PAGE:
Cryoablation proves its palliative power in soft tissue, bone tumors

August 20, 2007

MR-guided cryotherapy provides tumor control and pain relief to patients with inoperable soft tissue and bone metastases unresponsive to other treatments without hurting adjacent structures, according to a study led by Harvard researchers.

MR-guided cryotherapy provides tumor control and pain relief to patients with inoperable soft tissue and bone metastases unresponsive to other treatments without hurting adjacent structures, according to a study led by Harvard researchers.

Percutaneous CT- and ultrasound-guided radiofrequency ablation is widely used for the treatment of tumors in several organ systems. But both CT and sonography present some accuracy shortcomings. And RFA can be dangerous for the treatment of tumors located too close to critical structures such as bowel, bladder, urethra, blood vessels, and nerves.

MR-guided cryotherapy, on the other hand, combines thermal ablative power, the low morbidity of a percutaneous approach, and the accurate depiction of the ablation volume in real-time, according to the investigative team led by Dr. Kemal Tuncali, director of genitourinary radiology at Brigham and Women's Hospital in Boston.

Tuncali and colleagues treated 27 metastases from soft tissue and bone tumors in 22 patients who underwent MR-guided percutaneous cryotherapy in a 0.5T open magnet. All lesions were adjacent to or covering one or more delicate anatomic structures. Most patients underwent postprocedural CT or MR for tumor control evaluation. Nineteen patients also underwent clinical assessment of pain relief. Average follow-up was about five months (range: 1.5 to 18 months).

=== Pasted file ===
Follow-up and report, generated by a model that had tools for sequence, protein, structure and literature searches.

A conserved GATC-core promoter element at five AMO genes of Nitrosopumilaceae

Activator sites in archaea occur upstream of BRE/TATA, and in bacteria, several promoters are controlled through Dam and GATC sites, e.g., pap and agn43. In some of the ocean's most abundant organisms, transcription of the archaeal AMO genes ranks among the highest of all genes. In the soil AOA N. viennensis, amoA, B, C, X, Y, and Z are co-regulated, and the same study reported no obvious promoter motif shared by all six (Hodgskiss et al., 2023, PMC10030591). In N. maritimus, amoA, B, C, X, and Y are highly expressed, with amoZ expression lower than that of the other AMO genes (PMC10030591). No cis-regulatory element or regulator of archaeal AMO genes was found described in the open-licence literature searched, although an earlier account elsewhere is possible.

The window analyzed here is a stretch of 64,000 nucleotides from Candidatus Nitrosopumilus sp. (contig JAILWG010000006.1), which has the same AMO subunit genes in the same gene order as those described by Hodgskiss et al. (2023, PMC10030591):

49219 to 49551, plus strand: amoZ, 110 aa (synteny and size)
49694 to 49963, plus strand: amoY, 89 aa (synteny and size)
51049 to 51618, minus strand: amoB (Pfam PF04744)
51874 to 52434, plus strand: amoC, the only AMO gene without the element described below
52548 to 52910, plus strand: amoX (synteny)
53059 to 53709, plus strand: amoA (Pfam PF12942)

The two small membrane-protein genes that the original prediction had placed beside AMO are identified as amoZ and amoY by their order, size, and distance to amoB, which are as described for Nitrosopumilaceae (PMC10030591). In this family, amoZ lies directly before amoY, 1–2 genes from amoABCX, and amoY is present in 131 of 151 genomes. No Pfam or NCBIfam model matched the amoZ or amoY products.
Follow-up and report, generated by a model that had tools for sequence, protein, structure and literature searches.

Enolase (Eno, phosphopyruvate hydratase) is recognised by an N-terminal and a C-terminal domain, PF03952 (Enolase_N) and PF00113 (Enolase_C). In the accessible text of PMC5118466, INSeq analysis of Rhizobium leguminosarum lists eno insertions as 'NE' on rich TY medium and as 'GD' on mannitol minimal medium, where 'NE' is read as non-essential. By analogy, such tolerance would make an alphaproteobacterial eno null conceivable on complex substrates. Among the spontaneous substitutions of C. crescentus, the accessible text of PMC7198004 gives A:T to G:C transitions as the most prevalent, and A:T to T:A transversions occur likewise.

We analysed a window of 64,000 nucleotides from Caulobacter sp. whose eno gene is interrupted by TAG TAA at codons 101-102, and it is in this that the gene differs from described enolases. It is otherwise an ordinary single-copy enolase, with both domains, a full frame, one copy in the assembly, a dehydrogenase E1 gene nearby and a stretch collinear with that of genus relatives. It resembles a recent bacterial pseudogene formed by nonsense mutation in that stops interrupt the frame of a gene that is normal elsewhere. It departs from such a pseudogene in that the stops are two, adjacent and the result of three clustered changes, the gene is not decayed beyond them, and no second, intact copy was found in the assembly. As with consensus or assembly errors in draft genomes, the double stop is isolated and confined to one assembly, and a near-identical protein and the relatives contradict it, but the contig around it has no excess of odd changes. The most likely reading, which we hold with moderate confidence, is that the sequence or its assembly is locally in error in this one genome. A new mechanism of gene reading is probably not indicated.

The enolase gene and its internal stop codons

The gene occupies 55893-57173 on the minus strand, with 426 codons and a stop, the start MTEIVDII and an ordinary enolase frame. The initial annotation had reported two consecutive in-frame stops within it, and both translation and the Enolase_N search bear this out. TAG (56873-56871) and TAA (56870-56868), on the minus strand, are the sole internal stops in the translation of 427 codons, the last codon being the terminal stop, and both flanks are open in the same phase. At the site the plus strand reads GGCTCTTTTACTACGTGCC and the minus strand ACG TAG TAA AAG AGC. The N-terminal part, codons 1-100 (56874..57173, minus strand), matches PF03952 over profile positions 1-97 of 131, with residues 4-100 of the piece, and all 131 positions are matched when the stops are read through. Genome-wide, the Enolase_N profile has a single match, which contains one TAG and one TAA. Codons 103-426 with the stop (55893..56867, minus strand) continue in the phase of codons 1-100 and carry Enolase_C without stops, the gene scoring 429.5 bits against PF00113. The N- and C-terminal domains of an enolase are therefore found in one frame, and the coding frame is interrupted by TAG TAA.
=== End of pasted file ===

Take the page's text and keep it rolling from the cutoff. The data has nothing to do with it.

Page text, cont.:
The investigators found the technique safe and effective for tumor growth control and pain palliation without significant complications. They published their findings in the July issue of the American Journal of Roentgenology.

Physicians treated 22 of 27 tumors (81%) without damaging adjacent organs. Thirteen tumors (62%) remained the same size or went into remission, while eight progressed during follow-up. Of the 19 patients evaluated for pain palliation, six and 11 achieved complete and partial relief, respectively.

Four patients suffered from temporary lower extremity paresthesia, two of whom also had problems with urinary retention. One patient experienced a chronic serous vaginal discharge, and one sustained a femoral neck fracture at the ablation site six weeks after treatment.

According to Dr. J. Louis Hinshaw, an interventionalist and assistant professor of abdominal imaging at the University of Wisconsin, Madison, the study represents the first successful use of MR-guided percutaneous cryotherapy for pain relief and control of soft tissue and bony metastases in a relatively large series.

The main option in the past for this patient population has been narcotic pain control. MR-guided percutaneous cryotherapy offers the possibility to control pain and tumor growth, and also provide a significant improvement in quality of life, compared with pain killers alone, Hinshaw said.

"It offers hope to some of these patients where there was none before," he said

For more information from the Diagnostic Imaging archives:

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Cryotherapy gains muscle in liver, lung malignancies

Ablative therapies showcase innovative potential

Cryoablation of kidney tumors is safe alternative to surgery